In the early 1900’s a unique variation of Texas Mexican cuisine was developed in restaurants throughout Texas by Anglo entrepreneurs. Building on the success of Native Texas, Indian, business women who sold prepared foods in open-air tables in San Antonio, the Anglo entrepreneurs established indoor restaurants serving similar native food. They were able to meet newly written health regulations with which the native business women were unable to comply. The outdoor tables and the women disappeared.
The food served in those restaurants has come to be known as “Tex-Mex.” Since the food was intended to cater to Anglo customers, cooks found ways to make it palatable to Anglo-European tastes. They used high amounts of pork fat, lard, and also took advantage of the industrial, processed yellow cheeses developed by Kraft in 1914. The menus of these restaurants were narrow in their offerings and did not delve into the larger repertoire of the Texas Mexican cuisine that was being cooked and enjoyed in homes at that time.
Some examples of such “Tex-Mex” restaurants are “The Original Mexican Restaurant” in Forth Worth, the one in Waco by the same name, and the one in Dallas, also with the same name. None of them were related to each other, sharing only the name. These restaurants were highly successful in Anglo communities. Around the 1930’s Mexican American male entrepreneurs, descendants of the original Texas Indians, also started opening up such restaurants with great success.
A new cuisine
Any authentic cuisine, if it is truly at the heart of a community and family, is ever new, ever evolving. Contemporary Texas Mexican food continues the tradition of cooking with ingredients tied to this land, adapting to new contexts, and exploring new avenues of taste. We renew by remembering. Prior to 1528 we used vegetable and nut oils, since pork and lard did not exist here. Cactus, pecans, sotol and quelitre are being rediscovered. Since we have embraced pork, onions, watermelon, and tamarind as culturally ours, we find innovative ways to enjoy them, exploring techniques of sous-vide, molecular and raw.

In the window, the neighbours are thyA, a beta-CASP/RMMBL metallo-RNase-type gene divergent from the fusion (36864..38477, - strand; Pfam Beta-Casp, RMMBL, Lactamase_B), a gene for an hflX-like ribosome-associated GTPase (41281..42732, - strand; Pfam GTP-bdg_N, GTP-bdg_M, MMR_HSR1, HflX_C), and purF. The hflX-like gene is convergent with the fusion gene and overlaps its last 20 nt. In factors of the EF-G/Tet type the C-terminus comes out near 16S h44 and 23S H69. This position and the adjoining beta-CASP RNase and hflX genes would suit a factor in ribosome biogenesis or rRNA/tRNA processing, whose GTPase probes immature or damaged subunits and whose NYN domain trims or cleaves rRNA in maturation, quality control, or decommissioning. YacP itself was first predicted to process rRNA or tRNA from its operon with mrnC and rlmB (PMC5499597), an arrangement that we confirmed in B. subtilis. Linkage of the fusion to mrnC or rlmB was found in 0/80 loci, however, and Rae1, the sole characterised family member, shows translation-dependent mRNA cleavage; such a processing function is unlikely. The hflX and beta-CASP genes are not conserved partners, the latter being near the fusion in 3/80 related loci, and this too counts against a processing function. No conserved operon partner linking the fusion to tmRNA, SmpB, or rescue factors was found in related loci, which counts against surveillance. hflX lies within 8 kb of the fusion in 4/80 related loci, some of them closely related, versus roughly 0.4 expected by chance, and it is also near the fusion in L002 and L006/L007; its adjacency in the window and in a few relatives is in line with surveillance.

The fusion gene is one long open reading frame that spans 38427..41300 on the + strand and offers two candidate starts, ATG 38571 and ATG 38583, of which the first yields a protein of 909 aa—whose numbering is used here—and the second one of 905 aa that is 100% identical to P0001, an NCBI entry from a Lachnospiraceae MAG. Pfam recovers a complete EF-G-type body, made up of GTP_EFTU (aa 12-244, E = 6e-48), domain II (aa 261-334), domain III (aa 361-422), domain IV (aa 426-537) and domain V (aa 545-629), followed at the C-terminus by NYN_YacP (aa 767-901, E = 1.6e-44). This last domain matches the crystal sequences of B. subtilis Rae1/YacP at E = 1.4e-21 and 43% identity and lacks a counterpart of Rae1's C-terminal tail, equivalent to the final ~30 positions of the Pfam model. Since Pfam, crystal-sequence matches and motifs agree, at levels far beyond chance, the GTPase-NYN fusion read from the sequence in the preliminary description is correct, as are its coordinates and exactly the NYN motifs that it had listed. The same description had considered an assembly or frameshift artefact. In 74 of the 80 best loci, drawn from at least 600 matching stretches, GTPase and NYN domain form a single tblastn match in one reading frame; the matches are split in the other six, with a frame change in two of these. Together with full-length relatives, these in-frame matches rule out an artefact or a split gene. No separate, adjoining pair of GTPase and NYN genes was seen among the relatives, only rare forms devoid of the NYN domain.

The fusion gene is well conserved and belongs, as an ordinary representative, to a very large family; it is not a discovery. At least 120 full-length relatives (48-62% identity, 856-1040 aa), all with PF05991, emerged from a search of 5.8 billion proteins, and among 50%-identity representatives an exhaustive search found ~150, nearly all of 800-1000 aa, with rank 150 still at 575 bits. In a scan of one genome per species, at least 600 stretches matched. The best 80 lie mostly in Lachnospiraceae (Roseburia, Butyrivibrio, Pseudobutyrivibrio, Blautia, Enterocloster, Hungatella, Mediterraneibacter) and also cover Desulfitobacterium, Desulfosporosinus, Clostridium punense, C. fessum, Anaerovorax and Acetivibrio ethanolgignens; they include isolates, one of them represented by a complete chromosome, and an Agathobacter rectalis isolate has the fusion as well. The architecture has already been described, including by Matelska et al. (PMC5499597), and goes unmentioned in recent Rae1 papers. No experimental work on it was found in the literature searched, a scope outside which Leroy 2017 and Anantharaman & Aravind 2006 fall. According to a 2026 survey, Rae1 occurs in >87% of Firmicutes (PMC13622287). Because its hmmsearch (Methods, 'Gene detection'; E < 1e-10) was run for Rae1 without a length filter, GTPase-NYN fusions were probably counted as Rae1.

We are about community and a celebratory, nourishing table. We are the Mexican-American, Texas Indian, Texas Native American chefs and cooks. Conscious of the horrors of our violent history, ours is an aesthetic grounded in economic justice, the true context for peace. What makes us artful chefs with the clarity of mind and palate to cook delicious Texas Mexican food is being true to the flavors developed by former cooks. Not ignoring their contributions, we learn about them and build upon them. We develope a heightened awareness of justice in food production, in purchasing and in wages to food laborers.
As we are more mindful of the economic context, the land and the environment, so will we grow in our understanding of the character, texture and flavor of our ingredients. We will develop a loving finesse in our cooking technique, an appreciation of the humanity of all who come to our table. The desire to comfort, to heal and to enjoy.
The above essay is an excerpt from a book I’m currently writing about Texas Mexican Food